You Want What I Want: Research, Rapport, and Surveys

It’s January at Year Up New York|New Jersey, and I’m once again compelling 292-odd program participants to participate in a research study. That is, a survey-reliant research study.

Ever tried to get hundreds of people to do a survey? It’s harder than you would think. 

The first hurdle: having people even consider it. In client-facing contexts, many potential participants view corporate surveys as “lacking in empathy” and as a general inconvenience (Dholakia 2021). Employee engagement surveys—intended to gauge areas of discontent and improvement within organizations—sometimes exacerbate ongoing issues, failing to address the concerns workers actually have (Wahba 2023). According to a 2022 analysis, online surveys have an overall average response rate of 44.1%: even getting a tenuous majority of potential participants to respond is a major victory for researchers (Wu et. al 2022). Ultimately, whereas sloppy studies erode popular trust in surveys and their application, a good survey is always delicate, intentional, and targeted. Like a coffee shop.

Chat with your future participants. Block out time for them. Make your intentions, methods, and motivations transparent. Take notes on just about everything.

The reason, of course, that you would ever invest time (and sometimes money) in such a particular, harder-than-it-looks research method is the data. You probably want lots of data. Lots and lots of quantitative data. (Kind-of) fast and cheap. Even the best surveys are a relatively quick and standardized method of gathering data on a population: interviews take days if not weeks to process, observational studies require precise planning and timing, and usability studies often necessitate proprietary tools and training. In the context of social impact, particularly in the non-profit space, internal surveys can churn out numerical insights without the budget crunch of an outside consultation.

Year Up, for example, loves its quantitative data—it’s part of its pervasive “Feedback Culture”. The national organization, headquartered in Boston, charts outs surveys across the participant life cycle, meant to track engagement and opinion metrics at critical touchpoints of a trainee cohort’s journey. These “Direct Service Survey” metrics are then, among a myriad of other functions, analyzed by a dedicated team, shared with corporate partners, and play a critical part in the organization’s overall and agile Service Design. Data is used to make data-informed decisions by data-informed teams. Year Up’s New York|New Jersey market, in turn one of the largest across the organization, has its own pattern of surveys and evaluations. After all, as useful as national metrics are, the needs of individual cities, tracks, and cohorts can be very different. That’s where I come in.

My first survey at Year Up, conducted in only my first three weeks of employment, was focused on our contemporary Learning & Development (L&D) and Internship cohorts. Preparation for the Program Evaluation segment of LC Lookback, a biannual market-wide meeting of staff, required a rapid and targeted collection of student metrics. I did what I could with the resources I had available to me—a detailed guide left by the previous Fellow, Nia. Yet, despite still hovering above the 44.1% average recorded by Wu’s 2022 team, I still felt a bit nonplussed at an ultimate L&D response rate of 51.6%. I hadn’t been fully acclimated to Year Up’s organizational culture, wasn’t entirely sure of the research goals of our study, and definitely lacked the time to become familiar with my study participants. As good as the insights we drew, I had a constant feeling that they could have been better. It seemed like trainees, in the midst of organizational changes, had viewed my research with raised eyebrows.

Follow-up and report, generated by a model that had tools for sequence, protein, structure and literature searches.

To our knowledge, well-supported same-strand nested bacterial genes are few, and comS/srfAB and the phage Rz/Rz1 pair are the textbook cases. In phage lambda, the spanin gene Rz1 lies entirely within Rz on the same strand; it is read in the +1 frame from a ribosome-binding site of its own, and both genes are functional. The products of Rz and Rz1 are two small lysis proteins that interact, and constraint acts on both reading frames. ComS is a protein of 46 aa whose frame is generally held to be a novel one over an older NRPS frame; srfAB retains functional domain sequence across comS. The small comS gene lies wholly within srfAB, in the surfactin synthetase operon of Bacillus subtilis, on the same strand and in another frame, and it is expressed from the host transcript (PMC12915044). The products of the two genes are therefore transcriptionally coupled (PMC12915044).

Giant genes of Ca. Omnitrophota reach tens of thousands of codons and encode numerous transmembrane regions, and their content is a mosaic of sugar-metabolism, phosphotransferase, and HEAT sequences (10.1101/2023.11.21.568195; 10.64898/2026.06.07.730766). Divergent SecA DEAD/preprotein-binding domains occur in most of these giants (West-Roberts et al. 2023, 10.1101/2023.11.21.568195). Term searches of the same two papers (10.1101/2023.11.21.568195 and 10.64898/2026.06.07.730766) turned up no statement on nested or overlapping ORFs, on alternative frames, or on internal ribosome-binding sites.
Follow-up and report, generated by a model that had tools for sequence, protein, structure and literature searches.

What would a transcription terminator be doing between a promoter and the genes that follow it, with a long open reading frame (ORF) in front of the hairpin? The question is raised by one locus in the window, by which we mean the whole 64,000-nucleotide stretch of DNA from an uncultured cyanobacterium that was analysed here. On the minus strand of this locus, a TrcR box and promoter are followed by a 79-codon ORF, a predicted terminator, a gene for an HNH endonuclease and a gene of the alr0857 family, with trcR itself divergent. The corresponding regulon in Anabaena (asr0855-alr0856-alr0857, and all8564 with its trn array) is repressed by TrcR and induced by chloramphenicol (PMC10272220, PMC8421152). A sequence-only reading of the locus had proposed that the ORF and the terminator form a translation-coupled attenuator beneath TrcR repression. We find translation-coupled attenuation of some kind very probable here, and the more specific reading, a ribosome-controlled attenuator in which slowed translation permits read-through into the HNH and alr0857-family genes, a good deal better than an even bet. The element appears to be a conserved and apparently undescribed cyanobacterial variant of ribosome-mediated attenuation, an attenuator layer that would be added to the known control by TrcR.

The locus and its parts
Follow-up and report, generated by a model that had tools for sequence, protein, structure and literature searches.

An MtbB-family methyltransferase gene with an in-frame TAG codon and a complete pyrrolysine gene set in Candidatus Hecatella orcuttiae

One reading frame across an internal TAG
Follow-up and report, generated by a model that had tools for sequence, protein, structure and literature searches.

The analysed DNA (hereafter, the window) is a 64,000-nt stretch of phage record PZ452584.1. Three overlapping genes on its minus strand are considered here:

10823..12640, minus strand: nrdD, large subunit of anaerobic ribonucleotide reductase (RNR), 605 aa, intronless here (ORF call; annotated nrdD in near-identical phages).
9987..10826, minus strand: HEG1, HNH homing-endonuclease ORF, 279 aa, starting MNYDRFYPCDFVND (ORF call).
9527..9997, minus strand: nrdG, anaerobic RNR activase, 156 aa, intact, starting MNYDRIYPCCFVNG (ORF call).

I was missing a rapport between researcher and participant.

Thus, I decided to roll out my own strategy for rapport building. Starting with the next L&D cohort, set to graduate July 2024, I adopted four, simple research practices. If you ever find yourself designing internal research, always try to:

1. Make your research meaningful

Appeal to your study participants’ interests, emotions, and experiences. It might be a Rousseau-flavor cliché, but people like helping other people. People, of course, also like helping themselves. Inform participants of the benefits of participating in your research: let them know that, with the data that they may provide, you can improve not only their experience but those of others. Rather than positioning researchers as exclusive arbiters of knowledge and authority, emphasize the collaboration inherent in your work. Align your interests with theirs. Human-focused research is ultimately the culmination of a researchers’ skills and interlocutors’ contributions. If a survey evaluates the design of a longer-term service (such as the L&D period at Year Up), actively cultivate trust between researchers and participants. Contributing to research becomes helping researchers out!

2. Make your research practical